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Developing future development knowledge 
Hanna Nieber (Max Planck Institute for Social Anthropology)
Susann Ludwig (University of Leipzig)
James Merron (University of Basel)
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Sociology (x) Decoloniality & Knowledge Production (y)
Philosophikum, S54
Friday 2 June, -
Time zone: Europe/Berlin

Short Abstract:

In this panel, we are suspicious about the nature of knowledge concerning development. How do we allow ourselves to be curious with and captured by the interests of our colleagues? How can we think collectively about development differently? And how, in general, do we develop collective thinking?

Long Abstract:

From our long-term friendships with astronomers and engineers in Africa, we have learned that development is of great interest to them. However, we, scholars from Europe, trained in African studies, hesitated to engage, because the current conceptualization of development follows an ethically problematic colonial logic of taking Europe as the blueprint of how to think about Africa. Its terms are already familiar to us, mapping the future of those in need of development onto the past of those who have presumably achieved development. As African Studies scholars, we dismiss this epistemological teleology inherent in "development" and seek ways to think futures in light of historical contingencies. Taking these concerns seriously, engaging with development becomes epistemologically and ethically impossible and radical silence (Macamo 2019) the only appropriate option, however, not a satisfying one. We cannot not engage; a humble epistemology is not based on the dismissal of an idea, which is meaningful to the individuals we engage with.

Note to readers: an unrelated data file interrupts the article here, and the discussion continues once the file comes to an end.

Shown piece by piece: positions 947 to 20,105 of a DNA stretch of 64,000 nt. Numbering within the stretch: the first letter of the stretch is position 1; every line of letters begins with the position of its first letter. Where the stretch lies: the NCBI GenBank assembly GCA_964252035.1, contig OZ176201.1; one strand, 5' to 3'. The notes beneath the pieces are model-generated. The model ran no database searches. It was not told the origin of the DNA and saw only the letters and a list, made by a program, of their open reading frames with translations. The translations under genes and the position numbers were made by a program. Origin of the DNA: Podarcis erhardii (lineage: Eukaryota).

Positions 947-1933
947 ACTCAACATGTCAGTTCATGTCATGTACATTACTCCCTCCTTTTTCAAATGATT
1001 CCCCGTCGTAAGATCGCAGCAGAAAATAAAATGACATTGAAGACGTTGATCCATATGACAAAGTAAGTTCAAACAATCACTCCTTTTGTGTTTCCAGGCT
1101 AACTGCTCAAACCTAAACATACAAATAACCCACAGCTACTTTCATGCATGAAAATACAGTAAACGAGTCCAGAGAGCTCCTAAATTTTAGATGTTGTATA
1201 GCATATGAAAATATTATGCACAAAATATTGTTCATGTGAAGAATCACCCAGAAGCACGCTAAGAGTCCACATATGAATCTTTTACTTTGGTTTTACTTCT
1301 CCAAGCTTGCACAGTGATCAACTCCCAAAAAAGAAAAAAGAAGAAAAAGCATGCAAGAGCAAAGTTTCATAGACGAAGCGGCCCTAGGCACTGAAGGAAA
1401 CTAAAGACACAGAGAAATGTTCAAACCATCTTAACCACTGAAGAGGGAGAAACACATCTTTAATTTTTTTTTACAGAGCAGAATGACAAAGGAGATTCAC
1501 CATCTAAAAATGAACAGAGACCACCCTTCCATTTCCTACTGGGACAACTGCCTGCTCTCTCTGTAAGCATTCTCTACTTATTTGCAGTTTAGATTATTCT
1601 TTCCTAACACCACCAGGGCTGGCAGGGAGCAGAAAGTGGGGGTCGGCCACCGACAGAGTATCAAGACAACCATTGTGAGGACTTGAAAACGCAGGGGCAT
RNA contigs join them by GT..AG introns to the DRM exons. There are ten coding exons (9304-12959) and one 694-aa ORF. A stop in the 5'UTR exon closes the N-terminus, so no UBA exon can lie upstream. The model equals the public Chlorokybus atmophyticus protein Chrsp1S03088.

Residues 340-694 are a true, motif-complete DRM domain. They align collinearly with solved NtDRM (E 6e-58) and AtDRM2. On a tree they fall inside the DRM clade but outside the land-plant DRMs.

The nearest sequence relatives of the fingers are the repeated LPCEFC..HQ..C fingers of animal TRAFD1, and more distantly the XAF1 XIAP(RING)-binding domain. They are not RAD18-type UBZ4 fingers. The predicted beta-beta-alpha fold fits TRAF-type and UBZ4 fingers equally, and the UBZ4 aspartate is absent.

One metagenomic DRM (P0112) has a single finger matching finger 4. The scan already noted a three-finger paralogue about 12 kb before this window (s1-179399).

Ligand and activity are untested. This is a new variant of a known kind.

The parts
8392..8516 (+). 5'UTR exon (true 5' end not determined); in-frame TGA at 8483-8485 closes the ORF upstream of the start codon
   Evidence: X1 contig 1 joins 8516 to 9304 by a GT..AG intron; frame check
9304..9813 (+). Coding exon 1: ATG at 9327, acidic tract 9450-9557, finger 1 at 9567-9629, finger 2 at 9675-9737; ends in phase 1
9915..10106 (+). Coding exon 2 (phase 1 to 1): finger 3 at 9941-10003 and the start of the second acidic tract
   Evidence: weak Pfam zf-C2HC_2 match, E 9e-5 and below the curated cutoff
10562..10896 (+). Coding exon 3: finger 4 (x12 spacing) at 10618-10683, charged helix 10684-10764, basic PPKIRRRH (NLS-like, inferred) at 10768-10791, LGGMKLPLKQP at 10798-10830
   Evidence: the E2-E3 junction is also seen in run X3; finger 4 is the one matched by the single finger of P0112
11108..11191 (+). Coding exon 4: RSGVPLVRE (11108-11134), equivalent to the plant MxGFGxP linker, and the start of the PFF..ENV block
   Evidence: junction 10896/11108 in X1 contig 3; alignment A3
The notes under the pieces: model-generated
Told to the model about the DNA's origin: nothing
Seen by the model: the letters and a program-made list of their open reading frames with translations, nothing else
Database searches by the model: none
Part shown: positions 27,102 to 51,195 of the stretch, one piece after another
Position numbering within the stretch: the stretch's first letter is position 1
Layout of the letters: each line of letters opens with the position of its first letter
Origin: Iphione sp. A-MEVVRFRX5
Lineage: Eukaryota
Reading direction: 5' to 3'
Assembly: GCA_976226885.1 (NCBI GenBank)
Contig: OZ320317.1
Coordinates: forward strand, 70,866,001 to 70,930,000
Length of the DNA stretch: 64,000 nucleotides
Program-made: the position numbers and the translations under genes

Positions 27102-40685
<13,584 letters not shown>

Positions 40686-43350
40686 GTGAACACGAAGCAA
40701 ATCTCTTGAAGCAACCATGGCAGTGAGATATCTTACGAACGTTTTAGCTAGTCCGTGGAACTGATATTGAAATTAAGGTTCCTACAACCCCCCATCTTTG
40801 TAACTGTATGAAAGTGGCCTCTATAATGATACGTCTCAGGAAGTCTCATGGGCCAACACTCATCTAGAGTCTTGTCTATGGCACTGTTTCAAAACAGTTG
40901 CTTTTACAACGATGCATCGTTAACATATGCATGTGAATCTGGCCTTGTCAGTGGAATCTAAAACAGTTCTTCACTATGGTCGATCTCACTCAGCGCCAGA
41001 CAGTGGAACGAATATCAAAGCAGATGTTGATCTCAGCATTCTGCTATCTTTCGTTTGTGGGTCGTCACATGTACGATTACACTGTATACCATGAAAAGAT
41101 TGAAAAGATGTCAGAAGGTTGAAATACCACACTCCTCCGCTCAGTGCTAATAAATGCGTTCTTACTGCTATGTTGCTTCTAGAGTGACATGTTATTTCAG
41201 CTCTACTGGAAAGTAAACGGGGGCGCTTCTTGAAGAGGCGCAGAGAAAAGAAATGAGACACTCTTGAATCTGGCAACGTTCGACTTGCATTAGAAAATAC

In this panel, we are suspicious about the nature of the knowledge concerning development. How can we allow ourselves to be "curious with" and "captured by" (Swanson 2020) the interests of our colleagues, namely, their interest in development? How can we think differently about development? And how do we develop collective thinking in the first place? In order to address these questions, we invite contributions that deal with development knowledge through empirical case studies.

Accepted papers:

Session 1 Friday 2 June, 2023, -